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The spread of the COVID-19 pandemic and the resultant closure of schools, has led to a new educational crisis.

While school closures are important to contain the coronavirus in South Africa, a comprehensive catch-up plan for learners has yet to be devised by the Minister of Basic Education, Angie Motshekga. The Minister on the other hand, is leaving it up to each province, district, circuit and school to develop their own comprehensive catch-up plan. Currently only ten schooling days will be lost, which will be caught up by shortening the mid-year break, but the length, and extent, of the disruption to schooling is hard to predict at this stage with some experts forecasting that schools will only reopen at the end of April, or even May. The reality is, that very few schools in our country are able to administer e-learning, and critically, to ensure that learning material is adapted to alternative platforms such as tablets.

Many parents are unable to direct their child’s schooling during this period, either because they themselves are working remotely or have younger siblings to take care of. This leads to a significant amount of stress and tension in the home, with further undue pressure being placed on parents, particularly those with children in matric.

In order to assist learners during the shut-down, Think Digital Academy, a registered online school for Grade R to 12, is offering their full curriculum to South African learners for R500 or up to an 80% discount for Term 2. Rather than returning to school, and trying frantically to catch up with the year’s academic programme, Think Digital Academy will enable students to keep up to date with their school year. Parents can rest assured that their children are deriving the full benefit of a normal school day, remotely, through Think Digital Academy’s structured learning programme.

Students will be able to watch lessons, complete activities, projects and even take assessments to measure their progress while parents are able to pull weekly reports on their child’s activity. The CAPS curriculum is available in both English and Afrikaans, and all lessons are taught by qualified teachers, are interactive and perfectly aligned to the CAPS and British International syllabi. In addition, learners will receive free access to Think Digital Academy’s new Coding and Robotics course.

In these uncertain times, Think Digital Academy takes away the ‘what ifs’, and ensures that your child’s education, and future, is not compromised.

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The school placement chaos at the beginning of this year highlighted a very scary reality – we simply do not have enough good schools in Gauteng, South Africa.

A number of schools faced a very high enrolment demand as parents clamoured to ensure their children have a place in a school of excellence, while many schools, particularly in townships, were virtually empty. The result is that oversubscribed schools are forced to make use of mobile classrooms which are barely conducive to quality teaching and learning. These schools’ resources become constrained, with the average number of learners reaching 60 per class. This puts additional pressure on our teachers, and makes it a near impossibility that our students will be provided with the strong foothold they so desperately need if they are to succeed in high school and beyond.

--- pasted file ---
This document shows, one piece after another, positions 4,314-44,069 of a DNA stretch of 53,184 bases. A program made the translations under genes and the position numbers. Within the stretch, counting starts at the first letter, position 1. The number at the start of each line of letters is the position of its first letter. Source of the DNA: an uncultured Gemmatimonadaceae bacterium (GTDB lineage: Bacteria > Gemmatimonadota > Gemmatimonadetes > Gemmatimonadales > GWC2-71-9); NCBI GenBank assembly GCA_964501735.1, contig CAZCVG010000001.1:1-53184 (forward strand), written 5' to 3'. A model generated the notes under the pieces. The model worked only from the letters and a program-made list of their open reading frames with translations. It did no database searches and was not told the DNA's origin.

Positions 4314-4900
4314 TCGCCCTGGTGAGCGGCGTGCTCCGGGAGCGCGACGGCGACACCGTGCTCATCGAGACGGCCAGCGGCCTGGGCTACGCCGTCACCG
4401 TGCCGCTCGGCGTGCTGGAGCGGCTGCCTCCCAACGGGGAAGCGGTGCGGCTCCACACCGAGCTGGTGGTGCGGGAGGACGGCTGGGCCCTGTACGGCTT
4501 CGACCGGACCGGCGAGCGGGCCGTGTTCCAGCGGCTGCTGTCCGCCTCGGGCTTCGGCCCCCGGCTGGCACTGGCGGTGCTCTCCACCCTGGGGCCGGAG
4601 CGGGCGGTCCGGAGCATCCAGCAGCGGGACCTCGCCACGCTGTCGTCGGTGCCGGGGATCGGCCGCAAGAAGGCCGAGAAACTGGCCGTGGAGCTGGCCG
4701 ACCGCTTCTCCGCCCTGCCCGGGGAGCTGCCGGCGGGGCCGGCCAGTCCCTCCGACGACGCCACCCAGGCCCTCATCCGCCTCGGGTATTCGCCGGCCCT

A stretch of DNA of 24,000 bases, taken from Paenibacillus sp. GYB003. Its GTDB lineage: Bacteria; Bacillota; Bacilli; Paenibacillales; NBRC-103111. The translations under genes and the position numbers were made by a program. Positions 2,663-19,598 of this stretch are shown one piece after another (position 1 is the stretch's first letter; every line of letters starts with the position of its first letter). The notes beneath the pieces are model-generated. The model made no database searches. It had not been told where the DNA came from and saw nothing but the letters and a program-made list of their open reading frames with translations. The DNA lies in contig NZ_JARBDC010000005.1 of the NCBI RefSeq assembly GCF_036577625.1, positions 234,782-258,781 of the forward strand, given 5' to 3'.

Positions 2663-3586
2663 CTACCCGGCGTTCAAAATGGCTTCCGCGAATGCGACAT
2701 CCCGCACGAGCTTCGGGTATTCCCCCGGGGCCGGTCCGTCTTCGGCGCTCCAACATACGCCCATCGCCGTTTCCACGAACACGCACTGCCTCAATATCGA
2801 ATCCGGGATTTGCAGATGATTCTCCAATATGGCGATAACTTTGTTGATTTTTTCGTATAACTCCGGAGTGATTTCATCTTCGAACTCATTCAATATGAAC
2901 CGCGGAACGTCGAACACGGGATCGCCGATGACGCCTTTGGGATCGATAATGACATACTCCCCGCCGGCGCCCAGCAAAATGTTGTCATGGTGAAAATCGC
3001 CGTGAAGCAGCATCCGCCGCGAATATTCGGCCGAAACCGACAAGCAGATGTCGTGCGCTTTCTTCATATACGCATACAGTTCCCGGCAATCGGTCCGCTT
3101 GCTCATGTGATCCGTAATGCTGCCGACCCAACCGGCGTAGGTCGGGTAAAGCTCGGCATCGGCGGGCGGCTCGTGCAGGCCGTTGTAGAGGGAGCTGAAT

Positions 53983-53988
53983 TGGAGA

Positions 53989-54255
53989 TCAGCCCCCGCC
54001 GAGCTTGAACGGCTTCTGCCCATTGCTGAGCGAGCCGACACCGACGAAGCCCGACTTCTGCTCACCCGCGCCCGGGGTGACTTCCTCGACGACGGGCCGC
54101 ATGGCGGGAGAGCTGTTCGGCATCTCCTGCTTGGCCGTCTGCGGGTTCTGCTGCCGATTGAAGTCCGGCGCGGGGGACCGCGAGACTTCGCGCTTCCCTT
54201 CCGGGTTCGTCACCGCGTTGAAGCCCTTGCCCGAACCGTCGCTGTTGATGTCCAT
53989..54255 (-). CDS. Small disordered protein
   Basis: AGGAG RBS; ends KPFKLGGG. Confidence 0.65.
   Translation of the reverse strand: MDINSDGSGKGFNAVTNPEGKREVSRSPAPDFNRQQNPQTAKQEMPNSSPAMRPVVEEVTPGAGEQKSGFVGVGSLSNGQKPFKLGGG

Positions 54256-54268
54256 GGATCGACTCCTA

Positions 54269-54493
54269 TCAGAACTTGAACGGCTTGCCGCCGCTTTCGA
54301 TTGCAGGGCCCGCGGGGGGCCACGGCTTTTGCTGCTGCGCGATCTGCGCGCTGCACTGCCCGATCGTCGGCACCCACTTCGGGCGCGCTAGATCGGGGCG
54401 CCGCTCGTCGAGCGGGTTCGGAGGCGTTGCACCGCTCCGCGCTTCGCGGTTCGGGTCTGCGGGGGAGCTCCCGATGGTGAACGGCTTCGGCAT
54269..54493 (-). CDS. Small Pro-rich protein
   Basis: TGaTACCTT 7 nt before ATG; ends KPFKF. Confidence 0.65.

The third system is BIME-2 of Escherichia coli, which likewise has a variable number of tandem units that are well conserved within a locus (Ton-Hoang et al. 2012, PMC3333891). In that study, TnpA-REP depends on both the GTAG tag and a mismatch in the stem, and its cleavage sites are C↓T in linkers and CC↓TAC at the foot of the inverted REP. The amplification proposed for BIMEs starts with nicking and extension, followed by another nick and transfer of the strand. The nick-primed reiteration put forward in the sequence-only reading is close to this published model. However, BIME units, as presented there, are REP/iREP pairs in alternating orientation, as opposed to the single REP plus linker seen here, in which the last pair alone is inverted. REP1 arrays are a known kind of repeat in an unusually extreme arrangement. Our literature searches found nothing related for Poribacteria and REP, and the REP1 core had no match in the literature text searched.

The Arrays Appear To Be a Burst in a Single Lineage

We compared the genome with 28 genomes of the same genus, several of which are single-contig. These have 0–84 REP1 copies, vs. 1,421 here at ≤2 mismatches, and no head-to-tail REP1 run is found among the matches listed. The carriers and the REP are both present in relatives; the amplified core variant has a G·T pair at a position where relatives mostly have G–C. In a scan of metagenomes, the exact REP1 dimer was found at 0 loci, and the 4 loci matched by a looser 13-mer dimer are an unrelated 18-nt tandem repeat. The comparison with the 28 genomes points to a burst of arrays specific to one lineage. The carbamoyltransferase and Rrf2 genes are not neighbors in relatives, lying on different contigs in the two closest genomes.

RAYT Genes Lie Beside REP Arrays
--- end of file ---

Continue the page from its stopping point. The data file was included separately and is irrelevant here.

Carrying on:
It has been predicted that by 2020, Gauteng will still be short of 1373 classrooms at existing schools. This means that even at the accepted ration of 40 pupils per class‚ almost 55 000 pupils will be in over-crowded classrooms in three years.

At the same time, it’s calculated that 10% of the country’s teachers are absent from school each day, while a Trends in International Mathematics and Science Study (TIMSS) found that 79% of South African Grade 6 maths teachers were classified as having content knowledge levels below the level at which they were teaching. This problem is compounded by a lack of support for teachers and insufficient professional development. In addition, the Centre for Development and Enterprise predicted that South Africa would need to have 456 000 teachers by 2025 to offer our children a quality education, this is 46 000 more than we currently have, and between 18 000 and 22 000 teachers leave the profession every year.

So as parents, how do we deal with high student ratios; a lack of resources; a shortage of qualified teachers in subjects like mathematics and physical sciences; a lack of discipline in our classrooms that disrupts teaching and learning, and absenteeism of teachers who are burnt out trying to cope with big classes and poor learner behaviour?

We simply have to think beyond traditional teaching and learning methods. It is time to consider virtual schools as a viable option for ensuring our children receive the best education possible, and are equipped with the skills needed for the future of work in this country.